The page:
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The more we think about this word “work”, the more we find out that its definition tend to get closer to the very reality of life itself. It is just obvious that life cannot be preserved without work. But if work was only meant to preserve life, we would probably not observe so many transformations into the way we and other animals do things, i.e. the way we live, here synonym to “the way we work”. Let us explain this a bit more.

For example, think about the first nests the birds built, or the first cobwebs the spiders made, and how they transformed their lives, but also how those designs vary from one species to the other, and from the same species living today in comparison with its ancestors. We can also think about the transformation, through time, in the hunting techniques among many mammals including us. After thinking about some examples showing the change in which we fulfill some tasks, i.e. in which we work, we come quickly to the conclusion that work is not only meant to preserve life, but also to transform it. This transformation of life through work is inherent to all species. It is a totally false idea to think that the monkeys or the cows are living in the same way today like they used to live millions of years ago. This idea is only due to our perception of human beings that generally makes us constantly focused on the changes we produce in our way of living, and we systematically forget that we are less different from cows or rats than what we think. Though it can be true to say that work as a transformation of life can be more easily observed in hominoids in general.

When someone manufactures a tool for example, is that necessary to preserve life? Can that be considered as work? Let us suppose that the answer to the first question is “no” and that life can be preserved without this new tool. Then is the un-necessity a sufficient argument to say that producing a tool is not considered as work? At the opposite, we might be allowed to say that life tend to be not only preserved, but also transformed; and this transformation comes from the fact that work is programmed within life, within living beings, as an essential component of it. If life and work were just about preserving life, then we wouldn’t see any possible change in the species, and we wouldn’t even have seen different species on earth, because the first bacteria would have simply remained bacteria; or even if we suppose that the species existed as they are without evolution one from the other, then every species will preserve its life through reproduction and without any transformation. It is an evidence to notice that what happened is not only a preservation of life through the work of getting food and building a shelter, but also a transformation of life through the work of creation.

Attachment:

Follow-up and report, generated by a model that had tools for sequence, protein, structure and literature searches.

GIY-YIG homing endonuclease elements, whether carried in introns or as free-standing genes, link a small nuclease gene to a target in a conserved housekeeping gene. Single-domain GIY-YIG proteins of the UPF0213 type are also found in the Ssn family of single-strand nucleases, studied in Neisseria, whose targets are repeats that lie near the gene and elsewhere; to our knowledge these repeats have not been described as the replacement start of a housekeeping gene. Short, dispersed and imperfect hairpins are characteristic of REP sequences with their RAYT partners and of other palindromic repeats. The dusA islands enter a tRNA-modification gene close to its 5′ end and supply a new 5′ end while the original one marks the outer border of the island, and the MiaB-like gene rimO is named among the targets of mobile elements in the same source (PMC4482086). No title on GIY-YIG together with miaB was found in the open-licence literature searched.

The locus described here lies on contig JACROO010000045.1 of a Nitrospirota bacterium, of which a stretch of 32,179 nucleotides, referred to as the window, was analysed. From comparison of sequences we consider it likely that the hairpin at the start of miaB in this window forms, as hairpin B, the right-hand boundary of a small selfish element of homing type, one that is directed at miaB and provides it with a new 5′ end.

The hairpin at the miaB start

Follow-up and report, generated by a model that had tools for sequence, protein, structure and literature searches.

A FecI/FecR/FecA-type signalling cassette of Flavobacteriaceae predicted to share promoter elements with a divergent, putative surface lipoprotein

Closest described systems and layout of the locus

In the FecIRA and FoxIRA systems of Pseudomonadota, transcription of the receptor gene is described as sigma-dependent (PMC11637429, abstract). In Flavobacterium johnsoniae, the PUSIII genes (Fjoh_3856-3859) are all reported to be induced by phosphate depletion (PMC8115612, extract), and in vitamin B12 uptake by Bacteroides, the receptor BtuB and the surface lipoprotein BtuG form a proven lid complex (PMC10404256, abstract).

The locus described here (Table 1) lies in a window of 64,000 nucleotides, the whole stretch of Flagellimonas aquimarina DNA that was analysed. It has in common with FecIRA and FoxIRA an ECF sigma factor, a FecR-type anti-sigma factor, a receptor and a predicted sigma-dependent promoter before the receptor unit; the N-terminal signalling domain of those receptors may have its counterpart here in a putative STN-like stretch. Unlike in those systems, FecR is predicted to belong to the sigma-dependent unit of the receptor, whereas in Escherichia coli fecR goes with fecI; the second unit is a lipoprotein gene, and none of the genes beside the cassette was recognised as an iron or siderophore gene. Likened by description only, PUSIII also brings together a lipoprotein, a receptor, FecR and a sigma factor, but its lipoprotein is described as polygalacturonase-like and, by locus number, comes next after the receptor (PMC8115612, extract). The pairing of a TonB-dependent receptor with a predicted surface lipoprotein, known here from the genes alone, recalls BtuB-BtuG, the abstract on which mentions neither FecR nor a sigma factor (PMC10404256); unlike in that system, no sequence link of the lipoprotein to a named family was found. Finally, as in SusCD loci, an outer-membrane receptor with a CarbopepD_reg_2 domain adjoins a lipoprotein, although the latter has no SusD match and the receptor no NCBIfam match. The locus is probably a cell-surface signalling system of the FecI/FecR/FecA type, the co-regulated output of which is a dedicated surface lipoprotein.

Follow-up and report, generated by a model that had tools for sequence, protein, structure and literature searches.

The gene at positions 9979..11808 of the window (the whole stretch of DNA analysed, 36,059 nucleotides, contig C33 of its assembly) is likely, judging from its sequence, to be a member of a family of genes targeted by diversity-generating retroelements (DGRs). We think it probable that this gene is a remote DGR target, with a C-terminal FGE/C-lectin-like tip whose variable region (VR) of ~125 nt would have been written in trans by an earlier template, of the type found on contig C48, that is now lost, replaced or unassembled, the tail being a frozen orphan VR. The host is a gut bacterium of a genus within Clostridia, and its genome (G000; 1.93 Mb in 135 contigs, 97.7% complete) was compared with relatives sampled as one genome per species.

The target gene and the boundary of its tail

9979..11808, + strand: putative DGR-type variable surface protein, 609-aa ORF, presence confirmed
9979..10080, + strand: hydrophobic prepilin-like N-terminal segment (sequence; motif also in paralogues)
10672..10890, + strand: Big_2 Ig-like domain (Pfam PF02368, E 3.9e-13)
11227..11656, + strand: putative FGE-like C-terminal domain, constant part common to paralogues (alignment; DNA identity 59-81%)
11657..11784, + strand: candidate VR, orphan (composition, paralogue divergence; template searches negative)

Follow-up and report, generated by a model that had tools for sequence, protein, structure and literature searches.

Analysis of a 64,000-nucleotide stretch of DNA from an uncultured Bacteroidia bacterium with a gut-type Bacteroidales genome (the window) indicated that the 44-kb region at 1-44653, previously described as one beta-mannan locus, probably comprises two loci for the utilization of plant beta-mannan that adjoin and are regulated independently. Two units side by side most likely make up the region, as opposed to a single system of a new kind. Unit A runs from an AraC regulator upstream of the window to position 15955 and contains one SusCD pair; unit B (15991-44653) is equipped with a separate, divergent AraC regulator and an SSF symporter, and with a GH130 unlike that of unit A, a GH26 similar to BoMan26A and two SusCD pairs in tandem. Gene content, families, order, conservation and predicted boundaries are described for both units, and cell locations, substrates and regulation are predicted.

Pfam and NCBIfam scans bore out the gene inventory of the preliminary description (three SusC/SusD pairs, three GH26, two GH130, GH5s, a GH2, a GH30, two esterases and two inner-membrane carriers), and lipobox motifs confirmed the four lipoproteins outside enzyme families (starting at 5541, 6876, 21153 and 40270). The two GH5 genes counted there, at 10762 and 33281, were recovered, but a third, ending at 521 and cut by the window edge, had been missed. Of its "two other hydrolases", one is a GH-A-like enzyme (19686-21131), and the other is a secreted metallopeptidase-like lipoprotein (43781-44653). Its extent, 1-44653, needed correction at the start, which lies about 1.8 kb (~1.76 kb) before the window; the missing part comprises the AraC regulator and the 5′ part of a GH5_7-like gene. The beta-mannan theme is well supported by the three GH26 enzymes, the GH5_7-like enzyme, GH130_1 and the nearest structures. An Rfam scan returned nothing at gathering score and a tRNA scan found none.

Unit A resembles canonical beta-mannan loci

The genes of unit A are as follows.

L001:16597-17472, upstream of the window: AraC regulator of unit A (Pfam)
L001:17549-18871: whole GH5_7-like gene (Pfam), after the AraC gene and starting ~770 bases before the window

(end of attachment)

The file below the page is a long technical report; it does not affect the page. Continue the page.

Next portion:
At this point we could ask ourselves this question: which work is more important? The one of preserving life or the one of transforming life?
One answer can go like this: we cannot think about building a new tool, if we don’t have a shelter and if we are facing a danger of dying of hunger or being eaten by a predator working to preserve his life. Under this perspective, it seems that the work of preserving life is more important than the work of transforming life. But when the environment changes, when it gets drier or colder, when the ecosystems change (and perpetual change is proper to nature), transforming life becomes a synonym of preserving it. If life is not transformed through the creativity of work, it is just condemned to not to be preserved and to vanish. This shows how preserving life and transforming it go together hand in hand.

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